Grazing enhances belowground carbon allocation, microbial biomass, and soil carbon in a subtropical grassland - Wil… https://t.co/j0HsFY26pP
@DavidJohnGibson Some similar questions about long-term effects but different system (longleaf pine, Imperata cylindrica)
Research in the Flory Lab at the University of Florida covers a wide variety of topics in plant and ecosystem ecology with a focus on non-native plant invasions and agroecology. Luke also oversees the UF/IFAS Assessment of Non-native Plants in Florida’s Natural Areas.
Some of the primary research questions we address include: “Which species are likely to become invasive and what habitats are susceptible to invasions?” “How do plant invasions impact communities and ecosystem processes?” and “How will plant invasion dynamics and interactions with native species change over the long-term?” For example, our recent NSF-funded project evaluated how the emergence and accumulation of pathogens might suppress an invasive grass (see Stricker et al., 2016, Ecology Letters) and where and how invasions might have the greatest ecosystem impacts.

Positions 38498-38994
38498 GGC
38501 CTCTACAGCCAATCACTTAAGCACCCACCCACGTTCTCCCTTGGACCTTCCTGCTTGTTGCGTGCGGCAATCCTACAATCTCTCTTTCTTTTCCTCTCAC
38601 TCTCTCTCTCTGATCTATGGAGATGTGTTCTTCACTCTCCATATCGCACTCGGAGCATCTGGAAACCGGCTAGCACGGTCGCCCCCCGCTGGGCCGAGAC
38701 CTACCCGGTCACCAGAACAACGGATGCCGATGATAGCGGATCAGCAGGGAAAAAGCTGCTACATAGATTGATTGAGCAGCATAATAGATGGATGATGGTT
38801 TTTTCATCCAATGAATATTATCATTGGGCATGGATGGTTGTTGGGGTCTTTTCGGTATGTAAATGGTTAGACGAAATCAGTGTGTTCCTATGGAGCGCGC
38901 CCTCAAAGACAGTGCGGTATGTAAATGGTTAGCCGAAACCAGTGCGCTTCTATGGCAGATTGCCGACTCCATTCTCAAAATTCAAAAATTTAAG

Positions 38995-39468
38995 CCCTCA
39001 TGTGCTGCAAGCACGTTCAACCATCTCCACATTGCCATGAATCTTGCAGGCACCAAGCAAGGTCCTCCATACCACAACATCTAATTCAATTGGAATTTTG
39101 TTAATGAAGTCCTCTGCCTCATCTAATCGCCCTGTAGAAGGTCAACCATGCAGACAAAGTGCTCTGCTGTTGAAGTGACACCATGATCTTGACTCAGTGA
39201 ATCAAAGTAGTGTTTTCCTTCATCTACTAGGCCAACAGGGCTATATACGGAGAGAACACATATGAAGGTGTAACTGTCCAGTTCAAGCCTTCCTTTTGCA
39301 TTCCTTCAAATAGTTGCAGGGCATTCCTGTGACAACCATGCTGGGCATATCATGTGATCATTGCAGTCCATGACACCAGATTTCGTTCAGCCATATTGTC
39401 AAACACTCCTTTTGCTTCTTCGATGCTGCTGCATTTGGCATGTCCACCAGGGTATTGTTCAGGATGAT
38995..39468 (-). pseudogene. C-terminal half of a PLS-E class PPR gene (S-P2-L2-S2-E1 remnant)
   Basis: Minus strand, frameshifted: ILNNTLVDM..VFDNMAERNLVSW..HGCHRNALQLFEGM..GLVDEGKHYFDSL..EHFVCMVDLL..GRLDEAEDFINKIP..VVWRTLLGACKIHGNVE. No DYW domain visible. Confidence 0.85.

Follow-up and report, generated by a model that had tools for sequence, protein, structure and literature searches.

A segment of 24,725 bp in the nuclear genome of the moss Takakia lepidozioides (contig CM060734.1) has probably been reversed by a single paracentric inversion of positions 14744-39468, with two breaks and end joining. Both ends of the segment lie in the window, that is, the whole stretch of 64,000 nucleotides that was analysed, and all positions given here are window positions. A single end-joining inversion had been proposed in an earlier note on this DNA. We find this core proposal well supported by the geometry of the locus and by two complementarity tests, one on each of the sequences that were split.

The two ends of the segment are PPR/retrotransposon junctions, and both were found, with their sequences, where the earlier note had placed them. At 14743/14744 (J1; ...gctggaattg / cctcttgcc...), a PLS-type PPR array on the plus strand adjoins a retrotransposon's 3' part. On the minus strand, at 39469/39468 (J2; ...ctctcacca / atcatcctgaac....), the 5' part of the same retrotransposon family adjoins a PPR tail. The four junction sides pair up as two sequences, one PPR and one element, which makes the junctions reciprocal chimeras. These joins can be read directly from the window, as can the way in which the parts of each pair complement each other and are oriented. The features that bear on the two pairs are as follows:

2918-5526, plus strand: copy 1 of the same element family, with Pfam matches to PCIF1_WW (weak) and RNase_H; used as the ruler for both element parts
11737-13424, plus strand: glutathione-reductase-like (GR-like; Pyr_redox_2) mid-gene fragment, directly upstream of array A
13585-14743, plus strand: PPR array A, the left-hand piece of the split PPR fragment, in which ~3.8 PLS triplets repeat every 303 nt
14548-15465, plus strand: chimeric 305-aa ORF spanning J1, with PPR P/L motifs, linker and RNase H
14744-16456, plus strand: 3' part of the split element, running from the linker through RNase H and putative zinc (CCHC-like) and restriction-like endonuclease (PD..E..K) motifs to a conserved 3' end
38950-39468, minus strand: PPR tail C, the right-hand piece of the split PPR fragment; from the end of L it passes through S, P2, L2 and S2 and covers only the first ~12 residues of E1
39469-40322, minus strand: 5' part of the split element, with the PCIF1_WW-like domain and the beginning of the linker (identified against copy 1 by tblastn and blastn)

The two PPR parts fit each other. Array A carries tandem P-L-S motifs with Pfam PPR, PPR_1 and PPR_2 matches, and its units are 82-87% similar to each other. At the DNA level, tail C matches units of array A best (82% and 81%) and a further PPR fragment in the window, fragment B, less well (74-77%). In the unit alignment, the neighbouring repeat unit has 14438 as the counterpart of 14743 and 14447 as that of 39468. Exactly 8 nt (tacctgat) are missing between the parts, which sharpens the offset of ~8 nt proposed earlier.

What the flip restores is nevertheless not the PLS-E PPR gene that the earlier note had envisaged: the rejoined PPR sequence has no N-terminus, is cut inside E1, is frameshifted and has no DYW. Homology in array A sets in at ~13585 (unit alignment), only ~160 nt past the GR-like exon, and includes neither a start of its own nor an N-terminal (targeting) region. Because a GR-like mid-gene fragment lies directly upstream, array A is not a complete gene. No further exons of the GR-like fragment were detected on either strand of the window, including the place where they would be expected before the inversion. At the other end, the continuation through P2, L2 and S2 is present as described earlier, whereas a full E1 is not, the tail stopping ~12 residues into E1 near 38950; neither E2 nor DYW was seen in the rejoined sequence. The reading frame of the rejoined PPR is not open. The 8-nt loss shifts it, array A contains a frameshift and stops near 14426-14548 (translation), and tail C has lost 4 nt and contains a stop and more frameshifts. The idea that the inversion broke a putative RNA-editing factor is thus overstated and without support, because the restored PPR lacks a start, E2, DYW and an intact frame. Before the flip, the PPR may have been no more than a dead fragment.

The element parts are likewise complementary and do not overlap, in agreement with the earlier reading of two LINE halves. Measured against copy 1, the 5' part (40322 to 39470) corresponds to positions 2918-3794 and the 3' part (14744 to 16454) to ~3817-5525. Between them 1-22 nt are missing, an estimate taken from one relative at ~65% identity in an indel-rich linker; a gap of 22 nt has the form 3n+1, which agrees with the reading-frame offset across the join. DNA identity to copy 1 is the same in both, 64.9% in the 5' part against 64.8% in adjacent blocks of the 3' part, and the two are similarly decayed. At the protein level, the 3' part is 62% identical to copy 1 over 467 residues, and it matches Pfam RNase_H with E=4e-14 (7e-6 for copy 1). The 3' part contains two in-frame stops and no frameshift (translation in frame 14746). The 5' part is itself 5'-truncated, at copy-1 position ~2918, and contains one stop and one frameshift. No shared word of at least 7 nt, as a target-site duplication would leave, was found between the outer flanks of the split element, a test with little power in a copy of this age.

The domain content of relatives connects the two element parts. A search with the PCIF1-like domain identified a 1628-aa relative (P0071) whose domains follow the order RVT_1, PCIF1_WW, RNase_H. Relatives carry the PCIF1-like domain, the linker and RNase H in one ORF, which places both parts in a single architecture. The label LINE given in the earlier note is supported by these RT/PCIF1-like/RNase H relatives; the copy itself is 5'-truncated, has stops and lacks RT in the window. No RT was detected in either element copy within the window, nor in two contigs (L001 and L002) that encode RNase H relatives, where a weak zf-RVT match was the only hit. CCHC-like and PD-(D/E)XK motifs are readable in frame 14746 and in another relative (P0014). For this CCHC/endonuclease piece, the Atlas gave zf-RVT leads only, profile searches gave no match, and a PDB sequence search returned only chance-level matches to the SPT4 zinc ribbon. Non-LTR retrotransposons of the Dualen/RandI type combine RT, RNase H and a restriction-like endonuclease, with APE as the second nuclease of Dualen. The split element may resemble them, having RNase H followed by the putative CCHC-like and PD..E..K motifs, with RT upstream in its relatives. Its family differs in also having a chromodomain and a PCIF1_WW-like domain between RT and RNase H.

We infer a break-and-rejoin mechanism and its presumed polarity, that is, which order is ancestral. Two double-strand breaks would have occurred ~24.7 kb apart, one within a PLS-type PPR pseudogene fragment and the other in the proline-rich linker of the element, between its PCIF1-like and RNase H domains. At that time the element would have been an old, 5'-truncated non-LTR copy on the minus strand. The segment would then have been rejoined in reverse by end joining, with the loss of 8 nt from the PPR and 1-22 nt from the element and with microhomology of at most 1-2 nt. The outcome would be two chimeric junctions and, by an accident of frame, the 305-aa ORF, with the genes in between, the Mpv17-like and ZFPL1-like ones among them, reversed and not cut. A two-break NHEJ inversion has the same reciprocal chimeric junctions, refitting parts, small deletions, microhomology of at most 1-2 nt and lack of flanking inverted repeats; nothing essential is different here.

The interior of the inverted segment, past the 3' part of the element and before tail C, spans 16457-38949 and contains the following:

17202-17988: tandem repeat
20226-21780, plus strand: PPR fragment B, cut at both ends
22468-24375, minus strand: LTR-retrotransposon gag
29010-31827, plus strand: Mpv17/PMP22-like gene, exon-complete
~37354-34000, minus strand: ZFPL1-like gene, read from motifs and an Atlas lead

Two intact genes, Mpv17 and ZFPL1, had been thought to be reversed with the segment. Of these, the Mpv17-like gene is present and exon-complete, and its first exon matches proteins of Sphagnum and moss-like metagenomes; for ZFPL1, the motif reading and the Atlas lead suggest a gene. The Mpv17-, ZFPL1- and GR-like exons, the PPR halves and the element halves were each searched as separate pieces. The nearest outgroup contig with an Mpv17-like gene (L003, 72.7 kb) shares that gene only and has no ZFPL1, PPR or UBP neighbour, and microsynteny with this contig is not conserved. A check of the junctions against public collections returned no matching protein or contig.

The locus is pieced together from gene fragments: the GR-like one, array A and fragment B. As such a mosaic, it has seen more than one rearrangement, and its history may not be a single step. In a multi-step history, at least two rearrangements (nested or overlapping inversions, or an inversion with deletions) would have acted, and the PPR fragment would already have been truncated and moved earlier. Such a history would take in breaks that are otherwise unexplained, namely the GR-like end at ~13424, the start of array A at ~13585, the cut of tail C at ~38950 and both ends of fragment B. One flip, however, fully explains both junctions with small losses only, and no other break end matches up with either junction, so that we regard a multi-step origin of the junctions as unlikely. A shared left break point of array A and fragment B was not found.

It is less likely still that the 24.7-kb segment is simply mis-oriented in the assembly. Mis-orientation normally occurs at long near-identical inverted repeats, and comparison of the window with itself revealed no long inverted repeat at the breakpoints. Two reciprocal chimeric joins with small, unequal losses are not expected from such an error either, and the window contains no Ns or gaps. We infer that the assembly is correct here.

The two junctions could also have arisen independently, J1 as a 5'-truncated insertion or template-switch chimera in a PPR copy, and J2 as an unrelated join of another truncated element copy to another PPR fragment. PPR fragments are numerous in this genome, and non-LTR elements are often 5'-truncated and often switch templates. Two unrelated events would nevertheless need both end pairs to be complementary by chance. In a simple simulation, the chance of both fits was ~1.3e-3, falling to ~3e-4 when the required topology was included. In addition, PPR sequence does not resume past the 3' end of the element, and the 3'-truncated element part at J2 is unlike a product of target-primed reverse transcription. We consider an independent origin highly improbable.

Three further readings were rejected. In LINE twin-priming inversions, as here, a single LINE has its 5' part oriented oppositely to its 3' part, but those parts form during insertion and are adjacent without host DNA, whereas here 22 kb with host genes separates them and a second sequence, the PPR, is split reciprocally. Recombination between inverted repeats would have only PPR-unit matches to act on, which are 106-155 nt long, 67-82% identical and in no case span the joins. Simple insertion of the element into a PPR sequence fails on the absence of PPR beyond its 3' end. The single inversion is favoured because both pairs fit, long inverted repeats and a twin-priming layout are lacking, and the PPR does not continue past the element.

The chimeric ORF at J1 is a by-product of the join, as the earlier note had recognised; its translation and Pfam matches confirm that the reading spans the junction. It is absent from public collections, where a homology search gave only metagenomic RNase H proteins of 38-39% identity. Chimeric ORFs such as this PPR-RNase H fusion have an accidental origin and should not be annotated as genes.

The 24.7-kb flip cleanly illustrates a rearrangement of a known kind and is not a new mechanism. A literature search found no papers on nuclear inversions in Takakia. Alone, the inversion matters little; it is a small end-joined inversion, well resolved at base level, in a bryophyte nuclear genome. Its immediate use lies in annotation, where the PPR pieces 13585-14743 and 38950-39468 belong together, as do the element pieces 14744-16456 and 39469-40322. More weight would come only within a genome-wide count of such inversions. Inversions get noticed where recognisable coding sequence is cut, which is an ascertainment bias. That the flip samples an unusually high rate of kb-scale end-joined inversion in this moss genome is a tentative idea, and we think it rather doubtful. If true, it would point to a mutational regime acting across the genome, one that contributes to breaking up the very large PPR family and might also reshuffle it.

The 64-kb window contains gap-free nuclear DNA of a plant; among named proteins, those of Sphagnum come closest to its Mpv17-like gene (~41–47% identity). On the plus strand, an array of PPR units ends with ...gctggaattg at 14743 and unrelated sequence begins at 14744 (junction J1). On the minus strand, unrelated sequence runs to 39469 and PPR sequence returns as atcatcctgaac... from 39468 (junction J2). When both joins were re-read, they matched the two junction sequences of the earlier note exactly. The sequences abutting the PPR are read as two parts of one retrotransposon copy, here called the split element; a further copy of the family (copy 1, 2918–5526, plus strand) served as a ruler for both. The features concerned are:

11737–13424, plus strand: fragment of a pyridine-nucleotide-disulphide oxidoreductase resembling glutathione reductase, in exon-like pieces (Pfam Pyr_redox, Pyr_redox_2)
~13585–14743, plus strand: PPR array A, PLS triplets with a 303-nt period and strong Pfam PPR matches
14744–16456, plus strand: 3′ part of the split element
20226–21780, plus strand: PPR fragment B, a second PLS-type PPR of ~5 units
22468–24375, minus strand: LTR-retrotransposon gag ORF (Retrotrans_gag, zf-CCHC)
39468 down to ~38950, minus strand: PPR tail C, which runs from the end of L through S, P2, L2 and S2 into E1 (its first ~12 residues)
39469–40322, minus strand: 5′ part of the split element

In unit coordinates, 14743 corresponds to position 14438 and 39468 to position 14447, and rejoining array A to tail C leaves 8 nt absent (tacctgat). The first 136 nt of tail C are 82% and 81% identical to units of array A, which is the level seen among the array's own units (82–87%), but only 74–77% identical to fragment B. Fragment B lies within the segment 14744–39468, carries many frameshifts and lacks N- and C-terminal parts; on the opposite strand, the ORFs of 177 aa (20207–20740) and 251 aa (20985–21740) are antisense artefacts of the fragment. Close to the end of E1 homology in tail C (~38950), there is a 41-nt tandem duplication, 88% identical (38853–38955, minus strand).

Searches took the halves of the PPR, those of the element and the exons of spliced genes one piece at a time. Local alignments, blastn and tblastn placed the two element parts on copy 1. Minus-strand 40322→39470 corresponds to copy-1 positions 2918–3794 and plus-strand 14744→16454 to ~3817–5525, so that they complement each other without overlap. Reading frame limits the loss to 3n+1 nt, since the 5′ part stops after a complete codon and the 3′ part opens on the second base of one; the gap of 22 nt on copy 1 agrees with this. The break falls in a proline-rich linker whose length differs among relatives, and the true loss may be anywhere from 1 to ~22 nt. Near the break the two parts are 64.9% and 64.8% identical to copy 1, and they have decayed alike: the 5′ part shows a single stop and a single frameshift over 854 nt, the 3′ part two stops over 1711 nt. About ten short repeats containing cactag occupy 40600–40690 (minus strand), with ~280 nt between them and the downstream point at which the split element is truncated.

Lab members have conducted research on various basic and applied plant and ecosystem ecology questions in diverse systems including climate change effects on coffee in Costa Rica, silvopastures in the Colombian Andes, managed grassland systems in south Florida, invaded forests in the Galapagos, pine forests in north Florida, and deciduous forests throughout the eastern US.
In general, our research group seeks to advance general ecological knowledge of plant communities and to answer applied questions that are relevant to natural areas management, restoration, and conservation.